For Spoon River College CIO Raj Siddaraju, replacing old rack-mounted servers with new blade servers is a bit like getting rid of a gas-guzzling sport utility vehicle and replacing it with a smaller, more fuel-efficient hybrid car.
Similar to hybrids in the car industry, blade servers run on less power than their traditional counterparts. They also don’t need as much cooling as conventional servers, which means lower power and cooling costs for IT operations. For Siddaraju, going green in the IT department is also a priority.
“By going green, we save money and contribute to energy conservation. Accomplishing both are big pluses and one of our factors for choosing blades,” says Siddaraju, whose community college in Canton, Ill., educates about 3,500 students.
Blades, first released in 2001, are slim servers that feature their own processor, memory and storage, but they slide into a chassis, where they share resources such as power supplies, cooling fans or blowers, and connections to networking and data-storage systems. The blade architecture conserves data center space and is much easier to manage because it reduces cabling and because new software management tools allow IT administrators to centrally manage and monitor the health of each blade server. Blades, combined with virtualization software, also improve the utilization of server resources, bolster uptime and help consolidate physical servers.
Because of those benefits, Siddaraju decided to standardize on blades last summer when seven of his college’s 20 rack-mounted servers reached the end of their lifecycle.
“With blades, I can save energy. I can consolidate all my servers into one chassis, so there’s less of a hardware footprint. And it’s much easier to manage than having to manage each server individually,” he says.
Capital University Saves on Capital Costs
Last year, Jeff Guiler, senior director of IT at Capital University, decided it was time to invest in blade servers to handle his college’s increased demand for new applications and to deal with his data center’s space constraints. He estimates that his decision has already saved the college about $225,000. “With all the different requests for applications, we felt this was the least expensive route,” he says.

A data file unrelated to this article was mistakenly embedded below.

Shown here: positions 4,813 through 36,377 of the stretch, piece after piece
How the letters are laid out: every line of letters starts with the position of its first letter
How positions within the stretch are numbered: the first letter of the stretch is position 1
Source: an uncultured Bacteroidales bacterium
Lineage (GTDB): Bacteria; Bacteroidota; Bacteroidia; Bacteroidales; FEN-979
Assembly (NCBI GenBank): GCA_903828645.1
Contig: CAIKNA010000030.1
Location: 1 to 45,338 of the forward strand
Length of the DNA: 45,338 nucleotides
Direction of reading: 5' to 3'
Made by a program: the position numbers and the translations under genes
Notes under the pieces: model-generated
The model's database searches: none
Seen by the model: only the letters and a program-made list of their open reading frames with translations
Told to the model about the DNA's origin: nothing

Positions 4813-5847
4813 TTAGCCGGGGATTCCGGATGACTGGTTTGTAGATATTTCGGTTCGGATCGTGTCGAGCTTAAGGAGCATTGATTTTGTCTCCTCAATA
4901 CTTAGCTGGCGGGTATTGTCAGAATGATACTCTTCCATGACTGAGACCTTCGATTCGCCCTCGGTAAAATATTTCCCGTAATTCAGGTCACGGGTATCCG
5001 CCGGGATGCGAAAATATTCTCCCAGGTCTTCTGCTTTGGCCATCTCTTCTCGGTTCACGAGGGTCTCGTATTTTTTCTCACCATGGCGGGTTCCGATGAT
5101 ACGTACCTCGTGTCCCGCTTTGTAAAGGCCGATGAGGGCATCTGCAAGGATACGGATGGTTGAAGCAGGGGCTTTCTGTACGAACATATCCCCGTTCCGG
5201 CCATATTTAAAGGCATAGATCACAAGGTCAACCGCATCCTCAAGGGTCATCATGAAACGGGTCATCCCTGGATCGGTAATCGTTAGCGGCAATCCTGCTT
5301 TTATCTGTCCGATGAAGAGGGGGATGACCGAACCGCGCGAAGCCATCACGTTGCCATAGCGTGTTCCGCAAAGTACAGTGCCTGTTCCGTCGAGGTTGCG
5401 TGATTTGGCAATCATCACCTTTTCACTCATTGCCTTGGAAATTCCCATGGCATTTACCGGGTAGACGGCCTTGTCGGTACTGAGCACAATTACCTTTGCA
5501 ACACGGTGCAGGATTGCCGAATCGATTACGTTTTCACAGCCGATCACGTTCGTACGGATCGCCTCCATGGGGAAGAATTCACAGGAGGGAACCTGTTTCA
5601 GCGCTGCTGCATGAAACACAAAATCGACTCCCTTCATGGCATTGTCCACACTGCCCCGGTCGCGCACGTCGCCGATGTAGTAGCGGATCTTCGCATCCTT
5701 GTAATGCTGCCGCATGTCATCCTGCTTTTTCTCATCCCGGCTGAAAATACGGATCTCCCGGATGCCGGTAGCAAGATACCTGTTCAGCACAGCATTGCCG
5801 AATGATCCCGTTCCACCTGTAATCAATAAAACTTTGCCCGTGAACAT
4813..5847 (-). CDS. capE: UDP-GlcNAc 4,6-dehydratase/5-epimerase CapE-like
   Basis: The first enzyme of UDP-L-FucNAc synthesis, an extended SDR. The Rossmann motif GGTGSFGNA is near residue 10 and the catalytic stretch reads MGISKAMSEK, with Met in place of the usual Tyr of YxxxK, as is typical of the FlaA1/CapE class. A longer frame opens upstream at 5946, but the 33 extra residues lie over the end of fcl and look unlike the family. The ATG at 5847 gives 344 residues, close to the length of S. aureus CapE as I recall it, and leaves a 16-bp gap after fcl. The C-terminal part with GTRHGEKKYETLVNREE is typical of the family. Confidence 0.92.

Capital University, a private college in Columbus, Ohio, purchased 10 IBM BladeCenter HS20 and HS21 blade servers and a BladeCenter E Series chassis that holds as many as 14 blades. He purchased a second chassis and three more blade servers for the university’s law school. For data storage he purchased a storage area network (SAN), specifically the IBM System Storage DS4000, which can store up to 8 terabytes of data.
Guiler says he’s capitalizing on all the benefits of blade technology. “It gives us huge flexibility with what we can do in our limited space in the data center, and it reduces the heat and power and the network cabling requirements,” he says.
In addition, IBM’s web-based management software gives him one central place to remotely manage and monitor the blades, which allows him to troubleshoot much more quickly than he could with his rack-mounted servers. To further bolster the blades’ effectiveness, Guiler implemented virtualization software, technology that partitions a server so it can run multiple applications simultaneously.
Virtualization software slices a server into multiple virtual machines (VMs). While each VM shares the same server resources, such as processors and memory, the VMs run their own operating systems and applications independent of each other. Historically, IT departments have run one application for each server, so virtualization improves server utilization and allows colleges to save money by having to purchase fewer servers.
Guiler spent $75,000 on the blades and SAN, but if he had gone with rack-mounted servers, it would have cost four times as much, he says.
Improved Server Utilization